It increasingly seems that the next UK General Election will be won and lost in the centre ground. While Labour stumbles from mishap to misfortune on a seemingly daily basis, David Camerons Tories appear more New Labour than, well, New Labour. This isn’t only in terms of presentational skills, but also in projected ethos.
It could of course be argued that the Conservatives of today are returning to the space once occupied by their predecessors in the form of Robert Peel and Benjamin Disraeli. After all, it was the former who founded what could be described as the modern Conservative Party, and the latter often fought tooth-and-nail with his arch-adversary William Gladstone as to who could take the initiative on bringing in social reform, albeit by late Victorian standards. All of this took place on the centre ground of the time.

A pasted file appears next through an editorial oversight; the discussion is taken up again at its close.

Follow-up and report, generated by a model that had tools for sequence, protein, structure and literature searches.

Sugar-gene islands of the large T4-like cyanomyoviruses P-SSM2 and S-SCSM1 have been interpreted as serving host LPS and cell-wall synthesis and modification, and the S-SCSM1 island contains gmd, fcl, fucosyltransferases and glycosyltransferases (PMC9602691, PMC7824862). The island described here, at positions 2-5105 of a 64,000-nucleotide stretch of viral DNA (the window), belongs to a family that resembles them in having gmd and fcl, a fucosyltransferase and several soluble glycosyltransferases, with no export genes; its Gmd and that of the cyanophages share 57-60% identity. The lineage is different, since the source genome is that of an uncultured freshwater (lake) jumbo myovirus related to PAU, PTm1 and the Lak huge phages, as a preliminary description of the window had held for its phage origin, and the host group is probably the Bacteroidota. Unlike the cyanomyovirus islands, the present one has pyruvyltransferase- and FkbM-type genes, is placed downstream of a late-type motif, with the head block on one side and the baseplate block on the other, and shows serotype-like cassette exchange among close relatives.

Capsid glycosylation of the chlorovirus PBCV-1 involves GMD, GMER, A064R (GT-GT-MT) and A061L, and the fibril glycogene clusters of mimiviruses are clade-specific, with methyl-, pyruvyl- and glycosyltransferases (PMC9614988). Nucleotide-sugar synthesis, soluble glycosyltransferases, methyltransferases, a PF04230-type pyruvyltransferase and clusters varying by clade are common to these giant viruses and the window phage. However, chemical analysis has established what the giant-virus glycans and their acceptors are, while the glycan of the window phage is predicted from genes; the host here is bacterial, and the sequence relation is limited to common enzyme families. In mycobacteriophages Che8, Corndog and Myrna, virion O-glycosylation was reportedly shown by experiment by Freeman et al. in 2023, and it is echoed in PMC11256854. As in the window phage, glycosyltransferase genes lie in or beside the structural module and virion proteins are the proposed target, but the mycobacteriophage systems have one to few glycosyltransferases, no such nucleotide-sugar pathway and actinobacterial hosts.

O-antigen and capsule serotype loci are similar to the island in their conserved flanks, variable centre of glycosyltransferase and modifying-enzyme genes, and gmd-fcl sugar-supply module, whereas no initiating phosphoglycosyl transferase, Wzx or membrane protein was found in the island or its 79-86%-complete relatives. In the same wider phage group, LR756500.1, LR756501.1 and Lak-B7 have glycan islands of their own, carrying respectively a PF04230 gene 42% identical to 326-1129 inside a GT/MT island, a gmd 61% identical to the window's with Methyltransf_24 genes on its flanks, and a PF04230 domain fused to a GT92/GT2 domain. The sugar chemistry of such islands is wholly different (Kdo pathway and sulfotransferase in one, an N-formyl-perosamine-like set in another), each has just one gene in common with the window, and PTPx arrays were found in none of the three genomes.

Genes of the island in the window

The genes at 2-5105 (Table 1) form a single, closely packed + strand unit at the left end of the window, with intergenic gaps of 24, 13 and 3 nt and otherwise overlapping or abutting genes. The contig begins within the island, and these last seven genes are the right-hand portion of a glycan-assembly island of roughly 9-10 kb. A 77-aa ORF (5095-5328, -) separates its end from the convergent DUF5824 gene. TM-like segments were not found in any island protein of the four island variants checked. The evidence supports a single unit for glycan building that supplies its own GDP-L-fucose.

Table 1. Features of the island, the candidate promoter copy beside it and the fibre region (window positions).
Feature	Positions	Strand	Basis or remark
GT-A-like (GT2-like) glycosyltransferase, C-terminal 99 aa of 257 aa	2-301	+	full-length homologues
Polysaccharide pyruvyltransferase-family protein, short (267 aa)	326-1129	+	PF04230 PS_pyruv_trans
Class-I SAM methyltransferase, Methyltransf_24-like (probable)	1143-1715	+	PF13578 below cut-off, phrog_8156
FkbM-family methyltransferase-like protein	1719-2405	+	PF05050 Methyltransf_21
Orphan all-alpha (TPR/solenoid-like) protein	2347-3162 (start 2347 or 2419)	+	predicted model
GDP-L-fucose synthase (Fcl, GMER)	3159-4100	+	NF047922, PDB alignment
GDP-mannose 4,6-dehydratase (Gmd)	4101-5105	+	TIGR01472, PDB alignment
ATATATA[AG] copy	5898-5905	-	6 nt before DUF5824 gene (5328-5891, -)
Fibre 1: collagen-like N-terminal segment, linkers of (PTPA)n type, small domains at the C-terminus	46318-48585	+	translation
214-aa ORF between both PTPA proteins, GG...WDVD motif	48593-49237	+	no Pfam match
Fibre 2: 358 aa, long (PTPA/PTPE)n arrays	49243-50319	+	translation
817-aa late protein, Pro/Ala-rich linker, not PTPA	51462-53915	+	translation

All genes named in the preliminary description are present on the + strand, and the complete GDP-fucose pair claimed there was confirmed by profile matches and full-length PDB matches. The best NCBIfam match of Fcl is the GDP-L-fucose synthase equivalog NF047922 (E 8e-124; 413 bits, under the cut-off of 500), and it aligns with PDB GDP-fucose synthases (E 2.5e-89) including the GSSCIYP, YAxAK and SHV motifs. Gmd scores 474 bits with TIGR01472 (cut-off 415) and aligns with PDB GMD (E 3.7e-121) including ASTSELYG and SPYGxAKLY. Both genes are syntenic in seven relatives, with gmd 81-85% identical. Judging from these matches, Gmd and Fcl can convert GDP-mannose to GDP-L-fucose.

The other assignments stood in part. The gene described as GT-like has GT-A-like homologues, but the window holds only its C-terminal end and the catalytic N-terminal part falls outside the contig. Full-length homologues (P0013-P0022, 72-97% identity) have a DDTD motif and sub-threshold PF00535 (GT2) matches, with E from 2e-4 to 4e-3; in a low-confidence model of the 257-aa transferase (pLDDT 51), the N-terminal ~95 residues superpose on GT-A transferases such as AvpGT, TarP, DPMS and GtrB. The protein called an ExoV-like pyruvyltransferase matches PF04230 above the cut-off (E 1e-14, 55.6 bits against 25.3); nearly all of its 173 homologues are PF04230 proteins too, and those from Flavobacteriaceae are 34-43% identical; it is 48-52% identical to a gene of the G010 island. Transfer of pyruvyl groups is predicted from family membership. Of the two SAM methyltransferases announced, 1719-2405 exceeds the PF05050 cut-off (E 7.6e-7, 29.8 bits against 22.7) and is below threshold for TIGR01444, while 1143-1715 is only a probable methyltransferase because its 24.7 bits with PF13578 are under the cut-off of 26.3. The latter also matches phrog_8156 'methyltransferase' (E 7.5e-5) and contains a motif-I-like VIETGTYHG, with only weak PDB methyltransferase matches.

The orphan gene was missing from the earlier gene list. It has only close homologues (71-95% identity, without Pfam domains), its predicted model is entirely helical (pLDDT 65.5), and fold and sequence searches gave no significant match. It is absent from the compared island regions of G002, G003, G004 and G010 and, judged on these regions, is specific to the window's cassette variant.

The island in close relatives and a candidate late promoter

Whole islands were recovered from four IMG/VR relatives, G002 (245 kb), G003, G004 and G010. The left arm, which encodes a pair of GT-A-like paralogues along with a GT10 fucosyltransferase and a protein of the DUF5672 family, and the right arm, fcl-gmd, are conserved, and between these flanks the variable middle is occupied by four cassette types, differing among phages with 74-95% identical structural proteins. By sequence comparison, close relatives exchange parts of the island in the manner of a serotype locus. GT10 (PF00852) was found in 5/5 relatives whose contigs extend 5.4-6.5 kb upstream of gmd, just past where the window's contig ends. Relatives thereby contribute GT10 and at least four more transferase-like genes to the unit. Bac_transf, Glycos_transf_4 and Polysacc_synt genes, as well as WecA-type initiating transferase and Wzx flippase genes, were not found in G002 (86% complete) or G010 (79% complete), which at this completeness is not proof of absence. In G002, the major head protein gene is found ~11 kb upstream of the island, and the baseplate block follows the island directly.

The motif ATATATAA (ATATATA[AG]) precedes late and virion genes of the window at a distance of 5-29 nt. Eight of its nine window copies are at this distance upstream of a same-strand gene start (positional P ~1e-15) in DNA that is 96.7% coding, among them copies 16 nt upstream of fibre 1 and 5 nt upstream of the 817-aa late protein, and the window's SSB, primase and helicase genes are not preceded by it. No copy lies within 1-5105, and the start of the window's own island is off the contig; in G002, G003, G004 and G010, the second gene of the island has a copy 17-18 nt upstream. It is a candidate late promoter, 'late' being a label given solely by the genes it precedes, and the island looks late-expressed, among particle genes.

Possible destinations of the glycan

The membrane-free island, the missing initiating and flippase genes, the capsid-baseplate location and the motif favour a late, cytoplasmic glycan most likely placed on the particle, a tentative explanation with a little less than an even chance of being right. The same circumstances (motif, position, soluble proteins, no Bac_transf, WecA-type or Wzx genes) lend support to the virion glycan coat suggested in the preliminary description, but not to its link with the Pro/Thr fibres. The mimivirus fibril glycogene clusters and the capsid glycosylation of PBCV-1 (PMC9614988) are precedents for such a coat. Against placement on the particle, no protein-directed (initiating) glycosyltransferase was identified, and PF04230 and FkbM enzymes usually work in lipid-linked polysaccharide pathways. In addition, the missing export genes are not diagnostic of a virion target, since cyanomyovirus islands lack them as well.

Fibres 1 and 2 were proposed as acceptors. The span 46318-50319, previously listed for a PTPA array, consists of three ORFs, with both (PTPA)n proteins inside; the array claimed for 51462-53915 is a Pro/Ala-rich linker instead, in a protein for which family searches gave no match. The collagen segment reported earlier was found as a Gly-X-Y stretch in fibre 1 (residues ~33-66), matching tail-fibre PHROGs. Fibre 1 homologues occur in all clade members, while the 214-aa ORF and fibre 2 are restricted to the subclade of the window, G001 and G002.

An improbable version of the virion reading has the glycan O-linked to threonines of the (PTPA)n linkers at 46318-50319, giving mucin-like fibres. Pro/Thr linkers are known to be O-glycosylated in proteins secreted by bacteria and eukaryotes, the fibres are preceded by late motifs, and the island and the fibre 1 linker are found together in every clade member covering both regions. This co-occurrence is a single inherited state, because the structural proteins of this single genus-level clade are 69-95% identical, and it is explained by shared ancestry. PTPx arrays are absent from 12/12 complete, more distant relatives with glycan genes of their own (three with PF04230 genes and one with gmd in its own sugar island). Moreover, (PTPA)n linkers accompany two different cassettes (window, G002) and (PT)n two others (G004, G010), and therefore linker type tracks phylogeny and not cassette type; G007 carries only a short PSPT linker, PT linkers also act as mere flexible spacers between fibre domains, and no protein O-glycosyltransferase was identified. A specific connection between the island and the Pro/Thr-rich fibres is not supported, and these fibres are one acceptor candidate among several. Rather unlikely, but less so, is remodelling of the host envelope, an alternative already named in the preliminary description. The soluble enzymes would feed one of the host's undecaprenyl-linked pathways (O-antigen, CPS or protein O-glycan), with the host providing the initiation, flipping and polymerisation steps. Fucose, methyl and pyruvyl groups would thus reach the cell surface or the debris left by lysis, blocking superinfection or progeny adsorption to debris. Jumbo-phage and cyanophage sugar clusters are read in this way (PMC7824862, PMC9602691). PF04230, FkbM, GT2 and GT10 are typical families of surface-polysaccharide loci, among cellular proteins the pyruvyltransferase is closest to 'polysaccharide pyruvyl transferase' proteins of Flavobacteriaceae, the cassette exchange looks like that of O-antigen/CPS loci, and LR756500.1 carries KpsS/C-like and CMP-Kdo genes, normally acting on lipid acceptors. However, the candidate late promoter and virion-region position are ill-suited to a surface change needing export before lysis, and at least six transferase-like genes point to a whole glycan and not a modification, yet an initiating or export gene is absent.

For a simple example of the Conservatives move back into the realm of One Nation conservatism, check out this video posted by the party recently on YouTube. It charts the history of the Tories. However, the issues highlighted are by and large firmly socially reformist in nature- Catholic Emancipation, the outlawing of women and children working in mines, facing down the landed interests to cut food prices, introducing free primary schooling, introducing an old age pension system and even committing to support the NHS. Any of these in their nature wouldnt look out of place in a Labour back catalogue of achievements.
The video echoes the type of heritage branding approach favoured by many of the UKs major companies at the minute to highlight a background and role as an integral part of British culture. By doing so, they reignite the perception (rightly or wrongly) of the the party being interested in the wellbeing of people of all social backgrounds. In a modern context, this is helping them to set up camp on the ground successfully occupied by the Labour in the mid-1990s, when John Smith and Tony Blair positioned the party as all things to all voters, in the approch to the next General Election.